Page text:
In another case study, Miflin profiles Martin Robertson, a building manager in Harlem who functions as a kind of compost concierge: Residents drop off their caddy of organic waste, and he consolidates it, washes out the containers, and returns them. This way, he sidesteps the unsavory problem of storing organics in a small, unventilated room.
A one-size-fits-all approach won’t work across various typologies of buildings, but the guidelines include a waste calculator, which architects can use to gauge what the waste burden might be, based on a building’s density.
Waste is a shapeshifting target—as consumption habits change, so will the fouled remnants of it. One of the report’s case studies takes stock of the uptick in a building’s cardboard boxes, the products of residents ordering goods online. In that scenario, Miflin says, a baler in the basement could help squash the unruly boxes, compacting them into a more manageable size.
On a more macro scale, the mechanics of garbage collection could be retooled by submerging containers underground to be raised by cranes, or by dedicating parking spaces to shared bins. Street vendors could use a card to access a series of sheds to drop things off without adding to existing piles.
The report lays out a business case for all this. The compost concierge says that his collection method means he doesn’t have to wash the chute as often, because it’s not smeared with rodent-attracting scraps of food. That saves time and money. Modest interventions at the front end could pay off later. Presently, commercial buildings aren’t required to designate any indoor space for storing recyclables. The consequence is that many end up stashed on the street. Good intentions are scuttled by economic realities, says Christina Grace, a food-systems consultant at Foodprint Group who collaborated on the report. “When real estate is $300 a square foot, do you want to put recycling in there?” One recommendation entails asking businesses to put together a storage plan from day one. “Getting them to have a plan would push the needle tremendously,” Grace says.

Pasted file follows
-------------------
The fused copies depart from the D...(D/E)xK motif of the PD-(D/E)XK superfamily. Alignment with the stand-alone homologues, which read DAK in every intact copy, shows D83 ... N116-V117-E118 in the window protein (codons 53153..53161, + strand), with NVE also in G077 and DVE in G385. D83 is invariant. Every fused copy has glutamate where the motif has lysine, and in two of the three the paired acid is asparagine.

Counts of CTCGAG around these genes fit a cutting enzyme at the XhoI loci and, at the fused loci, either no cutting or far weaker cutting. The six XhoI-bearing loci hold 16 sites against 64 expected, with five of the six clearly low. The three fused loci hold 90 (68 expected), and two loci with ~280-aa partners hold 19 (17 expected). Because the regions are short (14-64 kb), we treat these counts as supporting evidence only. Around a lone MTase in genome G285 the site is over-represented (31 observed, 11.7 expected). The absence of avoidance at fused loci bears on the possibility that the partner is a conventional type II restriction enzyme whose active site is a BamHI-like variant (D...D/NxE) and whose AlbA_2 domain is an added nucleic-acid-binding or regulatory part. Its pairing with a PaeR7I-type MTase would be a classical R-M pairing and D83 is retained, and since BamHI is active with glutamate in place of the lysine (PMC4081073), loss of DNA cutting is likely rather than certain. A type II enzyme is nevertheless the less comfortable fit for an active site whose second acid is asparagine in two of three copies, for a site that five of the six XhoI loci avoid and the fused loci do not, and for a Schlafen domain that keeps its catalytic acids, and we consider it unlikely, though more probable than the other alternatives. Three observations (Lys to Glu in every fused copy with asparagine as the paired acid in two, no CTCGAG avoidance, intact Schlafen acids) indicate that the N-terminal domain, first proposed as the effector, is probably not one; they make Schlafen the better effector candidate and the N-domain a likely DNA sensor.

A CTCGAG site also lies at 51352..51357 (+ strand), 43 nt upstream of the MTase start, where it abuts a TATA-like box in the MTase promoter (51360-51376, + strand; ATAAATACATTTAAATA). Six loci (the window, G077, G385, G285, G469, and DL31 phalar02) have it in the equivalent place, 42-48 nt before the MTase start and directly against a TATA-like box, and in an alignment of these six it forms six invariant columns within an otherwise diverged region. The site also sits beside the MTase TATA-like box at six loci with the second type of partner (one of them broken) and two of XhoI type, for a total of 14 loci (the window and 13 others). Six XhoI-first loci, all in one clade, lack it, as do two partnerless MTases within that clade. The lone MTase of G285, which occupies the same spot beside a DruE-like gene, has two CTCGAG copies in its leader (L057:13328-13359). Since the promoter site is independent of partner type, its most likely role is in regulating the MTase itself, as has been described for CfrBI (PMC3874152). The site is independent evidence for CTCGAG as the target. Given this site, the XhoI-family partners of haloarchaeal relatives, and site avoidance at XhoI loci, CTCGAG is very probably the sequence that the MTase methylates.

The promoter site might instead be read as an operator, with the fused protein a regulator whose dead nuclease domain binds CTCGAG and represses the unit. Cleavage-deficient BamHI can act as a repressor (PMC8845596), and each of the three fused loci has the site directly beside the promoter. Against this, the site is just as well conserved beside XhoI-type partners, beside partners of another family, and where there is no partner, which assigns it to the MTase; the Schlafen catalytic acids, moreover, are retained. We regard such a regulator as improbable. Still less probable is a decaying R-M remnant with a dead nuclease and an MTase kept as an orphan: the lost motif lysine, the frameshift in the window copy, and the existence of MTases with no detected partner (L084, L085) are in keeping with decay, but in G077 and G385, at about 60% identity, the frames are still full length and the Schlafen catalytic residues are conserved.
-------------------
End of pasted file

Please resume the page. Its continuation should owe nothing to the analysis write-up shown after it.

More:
Despite a sizable compost program stationed at local farmer’s markets, New York City lags far behind Toronto and other major metros with sophisticated organics schemes. Since 2011, GrowNYC’s 55 drop-off sites have collected a total of 9.5 million pounds* of scraps—that’s less than half of 1 percent of the organic waste intercepted before it languishes in landfills, explained Emily Bachman, the compost program manager for GrowNYC, at a recent Food Tank Summit.
Intuitive interventions could help reverse course without shaking things up too much. “To make something normalized, it has to be as convenient as your current behavior,” says Bridget Anderson, DSNY’s Deputy Commissioner for Recycling & Sustainability. “That doesn’t have to be, ‘I roll out of my bed and I put it in a magic system,’” she adds—the key is that it’s not too onerous compared to the less-wasteful alternative. Good design, Miflin says, “should change behavior without people even noticing.”